Understanding teen distracted driving

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The results of a recent national survey on distracted driving were revealed at a National Press Club news conference. The survey was conducted by Prince market Research and was sponsored by Bridgestone Americas, a Nashville tire manufacturer.

More than 2,000 drivers aged 15 to 21 took part in the online survey. Angela Patterson, manager of the Teens Drive Smart program for Bridgestone, presented the findings. “This age group simply does not believe they are at risk,” Ms. Patterson stated.

Even though more than half of the teens surveyed agreed that driving while distracted was dangerous, they demonstrated a disconnect between that knowledge and avoidance of those dangerous activities. The young drivers believed that they were not given to behind the wheel distraction or felt they would take precautions to avoid distraction. Survey participants were asked “Given that driving while distracted can be dangerous, why do you do it?” David Teater, senior director of transportation initiatives for the National Safety Council, stated “They are aware of the risks but engage in them any way, and to some extent minimize the risks because they haven’t been in a crash…awareness is not nearly enough to change most peoples’ behaviors. In addition to education, we also need good laws that are well enforced, and safety engineering solutions.”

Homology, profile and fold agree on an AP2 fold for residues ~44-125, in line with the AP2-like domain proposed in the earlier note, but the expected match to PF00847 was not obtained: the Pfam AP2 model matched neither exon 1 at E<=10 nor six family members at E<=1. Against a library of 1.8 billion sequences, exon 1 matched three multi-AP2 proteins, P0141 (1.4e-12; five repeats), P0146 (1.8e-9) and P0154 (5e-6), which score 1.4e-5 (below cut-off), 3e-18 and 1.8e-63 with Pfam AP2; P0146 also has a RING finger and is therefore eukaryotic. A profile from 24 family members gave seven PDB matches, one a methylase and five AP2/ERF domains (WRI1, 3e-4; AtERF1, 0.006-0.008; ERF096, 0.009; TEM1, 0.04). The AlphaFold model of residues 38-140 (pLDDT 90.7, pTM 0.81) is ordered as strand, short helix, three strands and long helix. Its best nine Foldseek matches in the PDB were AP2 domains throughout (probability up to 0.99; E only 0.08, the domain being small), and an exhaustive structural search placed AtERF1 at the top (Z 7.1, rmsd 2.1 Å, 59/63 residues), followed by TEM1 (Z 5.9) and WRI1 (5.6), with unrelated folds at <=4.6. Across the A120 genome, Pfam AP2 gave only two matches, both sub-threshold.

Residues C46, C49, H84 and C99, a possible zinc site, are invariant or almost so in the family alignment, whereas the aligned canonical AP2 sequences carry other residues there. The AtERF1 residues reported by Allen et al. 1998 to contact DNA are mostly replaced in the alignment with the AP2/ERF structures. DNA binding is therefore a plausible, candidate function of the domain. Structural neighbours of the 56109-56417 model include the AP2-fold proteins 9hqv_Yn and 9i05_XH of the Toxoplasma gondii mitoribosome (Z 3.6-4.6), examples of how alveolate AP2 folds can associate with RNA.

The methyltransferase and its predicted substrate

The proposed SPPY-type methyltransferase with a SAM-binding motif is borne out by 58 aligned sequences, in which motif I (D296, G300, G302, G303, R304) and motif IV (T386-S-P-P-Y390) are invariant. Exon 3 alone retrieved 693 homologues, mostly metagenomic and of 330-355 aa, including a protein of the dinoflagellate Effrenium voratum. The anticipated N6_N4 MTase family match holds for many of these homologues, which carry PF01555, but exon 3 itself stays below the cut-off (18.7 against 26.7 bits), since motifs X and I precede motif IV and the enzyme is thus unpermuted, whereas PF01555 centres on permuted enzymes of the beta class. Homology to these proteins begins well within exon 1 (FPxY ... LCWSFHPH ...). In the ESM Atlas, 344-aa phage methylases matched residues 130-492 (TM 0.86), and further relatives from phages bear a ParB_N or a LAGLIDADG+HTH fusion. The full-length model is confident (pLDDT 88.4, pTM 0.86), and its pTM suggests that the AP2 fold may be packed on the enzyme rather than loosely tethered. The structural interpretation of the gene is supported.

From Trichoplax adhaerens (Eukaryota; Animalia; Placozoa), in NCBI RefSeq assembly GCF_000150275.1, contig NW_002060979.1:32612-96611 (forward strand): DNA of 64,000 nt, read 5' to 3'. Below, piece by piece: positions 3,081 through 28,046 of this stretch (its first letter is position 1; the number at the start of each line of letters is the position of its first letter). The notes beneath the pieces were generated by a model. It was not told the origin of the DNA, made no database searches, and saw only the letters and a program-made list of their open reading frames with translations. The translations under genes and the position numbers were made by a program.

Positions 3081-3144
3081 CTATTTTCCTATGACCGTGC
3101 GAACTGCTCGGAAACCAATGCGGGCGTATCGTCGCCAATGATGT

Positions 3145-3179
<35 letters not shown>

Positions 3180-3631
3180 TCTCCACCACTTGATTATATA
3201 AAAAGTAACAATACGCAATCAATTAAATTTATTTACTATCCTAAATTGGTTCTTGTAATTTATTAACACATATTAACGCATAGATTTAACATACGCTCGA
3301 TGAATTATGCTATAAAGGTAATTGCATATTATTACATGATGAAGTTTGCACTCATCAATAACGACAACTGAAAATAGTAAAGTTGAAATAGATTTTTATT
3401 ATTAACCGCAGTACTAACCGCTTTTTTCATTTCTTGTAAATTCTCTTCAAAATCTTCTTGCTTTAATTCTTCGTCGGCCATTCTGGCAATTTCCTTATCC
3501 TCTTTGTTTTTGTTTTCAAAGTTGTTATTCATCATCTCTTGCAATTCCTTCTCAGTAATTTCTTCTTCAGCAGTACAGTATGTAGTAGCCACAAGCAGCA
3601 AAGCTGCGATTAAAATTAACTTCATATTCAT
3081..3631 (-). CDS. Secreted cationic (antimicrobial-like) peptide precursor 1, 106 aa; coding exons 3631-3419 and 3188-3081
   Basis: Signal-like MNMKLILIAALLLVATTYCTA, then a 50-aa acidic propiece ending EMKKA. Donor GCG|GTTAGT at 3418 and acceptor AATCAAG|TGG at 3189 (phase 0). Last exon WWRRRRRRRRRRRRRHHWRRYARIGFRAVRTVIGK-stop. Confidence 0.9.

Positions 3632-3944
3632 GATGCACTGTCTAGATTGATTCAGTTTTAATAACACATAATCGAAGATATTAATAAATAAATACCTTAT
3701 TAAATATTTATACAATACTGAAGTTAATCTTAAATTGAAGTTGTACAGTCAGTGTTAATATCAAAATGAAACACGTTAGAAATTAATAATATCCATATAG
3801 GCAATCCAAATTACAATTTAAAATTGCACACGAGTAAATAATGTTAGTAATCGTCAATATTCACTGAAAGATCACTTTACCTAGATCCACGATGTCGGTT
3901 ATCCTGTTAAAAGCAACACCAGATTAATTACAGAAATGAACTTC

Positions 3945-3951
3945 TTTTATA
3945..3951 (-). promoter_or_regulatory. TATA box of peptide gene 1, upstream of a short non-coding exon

Some young drivers believed they were safe drivers simply because they had not been cited for traffic violations or had not been in an accident. While a third of the survey participants admitted to reading texts while driving, a fourth did not believe that talking on a cell phone while driving was hazardous and two-thirds felt that they were “very safe” drivers.

Even though young males typically engage in riskier behavior than females, this survey disclosed that young women are much more prone to distracted driving.

Also interesting was the disclosure that the young drivers surveyed believed that their parents engaged in more distracted driving than the young drivers. Ms. Patterson said the young drivers feel “It must be O.K.” since their parents are doing it. “They are learning bad habits from us.”

Transportation Secretary Ray LaHood addressed the conference. He called distracted driving a “deadly epidemic,” that is especially prevalent among young drivers.

For more information on motor vehicle accidents due to distracted driving, contact the Ohio distracted driving accident attorneys at Clark, Perdue & List.

Source: New York Times, Wheels Blog, “Understanding the Motive Behind Teens’ Distracted Driving, Tanya Mohn, April 24, 2012.